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Genomic prediction in a large African maize population

Author: Edriss, V.
Author: Yanxin Gao
Author: Zhang, X.
Author: Jumbo, M.B.
Author: Makumbi, D.
Author: Olsen, M.
Author: Crossa, J.
Author: Packard, K.C.
Author: Jannink, J.L.
Year: 2017
Year: 2017
URI: http://hdl.handle.net/10883/19104
Descriptors: Maize
Descriptors: Genomics
Abstract: Genomic prediction (GP) combines genomewide marker data with phenotypic data in a training population to predict the genomic estimated breeding values of untested individuals in a relevant testing population. Our objective was to evaluate the effects of p
Abstract: Genomic prediction (GP) combines genomewide marker data with phenotypic data in a training population to predict the genomic estimated breeding values of untested individuals in a relevant testing population. Our objective was to evaluate the effects of population structure, genotype × trial, tester, and management interactions, and imputation methods on the accuracy of GP for grain yield in the CIMMYT’s African maize (Zea mays L.) program. The dataset included 2022 diverse breeding lines in 156 Stage 1 yield trials and 66,000 single-nucleotide polymorphism markers. The first two principal components from principal component analysis explained 10.5% of the variance in marker data. Based on marker data, five clusters were detected, but cluster of origin explained only 2% of the phenotypic variation. Prediction accuracy, assessed by cross validation, ranged from 0.20 to 0.36 within clusters and from 0.04 to 0.26 across clusters. Mean GP accuracy within clusters (0.27) outperformed pedigree-based prediction (0.03). Imputation methods did not strongly affect prediction accuracy. Testers and management had large effects. To achieve acceptable GP accuracy within such a diverse population, one can employ (i) a very large training population size, (ii) carefully planned and relevant testers, and (iii) common trial environments and management between the training and validation populations and related genetic materials.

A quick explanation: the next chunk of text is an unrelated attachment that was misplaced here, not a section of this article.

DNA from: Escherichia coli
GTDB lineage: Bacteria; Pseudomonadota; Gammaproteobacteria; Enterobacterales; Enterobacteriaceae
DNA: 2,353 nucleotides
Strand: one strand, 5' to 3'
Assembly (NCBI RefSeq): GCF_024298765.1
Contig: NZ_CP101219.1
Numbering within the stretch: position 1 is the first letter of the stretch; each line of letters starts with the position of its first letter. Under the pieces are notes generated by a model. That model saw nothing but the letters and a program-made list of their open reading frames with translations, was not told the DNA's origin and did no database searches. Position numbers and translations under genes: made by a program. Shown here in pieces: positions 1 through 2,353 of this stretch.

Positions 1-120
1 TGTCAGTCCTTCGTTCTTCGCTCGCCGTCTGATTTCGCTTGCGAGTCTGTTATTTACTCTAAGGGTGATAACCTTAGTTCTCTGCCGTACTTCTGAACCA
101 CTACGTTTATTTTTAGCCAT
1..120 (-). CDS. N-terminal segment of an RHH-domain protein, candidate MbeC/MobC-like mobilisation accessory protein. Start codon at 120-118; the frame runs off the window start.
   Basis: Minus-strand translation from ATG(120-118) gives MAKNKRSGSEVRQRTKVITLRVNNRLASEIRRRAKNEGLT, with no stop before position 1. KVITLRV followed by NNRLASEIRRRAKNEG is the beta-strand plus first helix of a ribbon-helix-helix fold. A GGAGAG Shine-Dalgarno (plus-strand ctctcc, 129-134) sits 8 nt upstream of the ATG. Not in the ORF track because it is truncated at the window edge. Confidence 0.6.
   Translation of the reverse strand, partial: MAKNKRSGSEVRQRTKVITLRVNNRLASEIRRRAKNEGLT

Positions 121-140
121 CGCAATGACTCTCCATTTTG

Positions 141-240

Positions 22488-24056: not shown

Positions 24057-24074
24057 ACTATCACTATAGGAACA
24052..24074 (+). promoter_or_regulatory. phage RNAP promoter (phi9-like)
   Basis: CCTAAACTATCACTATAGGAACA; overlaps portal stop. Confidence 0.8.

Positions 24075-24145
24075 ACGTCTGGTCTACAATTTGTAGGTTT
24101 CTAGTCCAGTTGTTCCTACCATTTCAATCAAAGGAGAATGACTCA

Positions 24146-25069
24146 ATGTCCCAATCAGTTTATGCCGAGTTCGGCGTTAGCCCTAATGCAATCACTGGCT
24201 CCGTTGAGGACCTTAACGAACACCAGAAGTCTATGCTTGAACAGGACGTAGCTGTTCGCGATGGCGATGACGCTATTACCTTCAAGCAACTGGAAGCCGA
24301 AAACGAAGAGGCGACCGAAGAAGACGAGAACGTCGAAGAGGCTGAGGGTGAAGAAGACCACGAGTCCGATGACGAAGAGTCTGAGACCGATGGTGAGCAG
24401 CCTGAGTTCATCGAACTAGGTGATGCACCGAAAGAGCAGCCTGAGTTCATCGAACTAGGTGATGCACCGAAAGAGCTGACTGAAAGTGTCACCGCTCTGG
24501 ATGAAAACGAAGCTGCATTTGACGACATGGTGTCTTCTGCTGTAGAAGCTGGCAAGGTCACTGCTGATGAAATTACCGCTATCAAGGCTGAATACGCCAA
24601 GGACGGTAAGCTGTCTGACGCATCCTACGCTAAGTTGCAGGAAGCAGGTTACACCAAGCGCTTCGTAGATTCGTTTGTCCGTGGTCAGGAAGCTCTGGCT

Language: English
Publisher: Crop Science Society of America
Copyright: CIMMYT manages Intellectual Assets as International Public Goods. The user is free to download, print, store and share this work. In case you want to translate or create any other derivative work and share or distribute such translation/derivative work, p
Type: Article
Place: USA
Pages: p. 2361-2371
Journal: Crop Science
Journal volume: v. 57
DOI: 10.2135/cropsci2016.08.0715
Audicence: Researchers


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  • Maize
    Maize breeding, phytopathology, entomology, physiology, quality, and biotech

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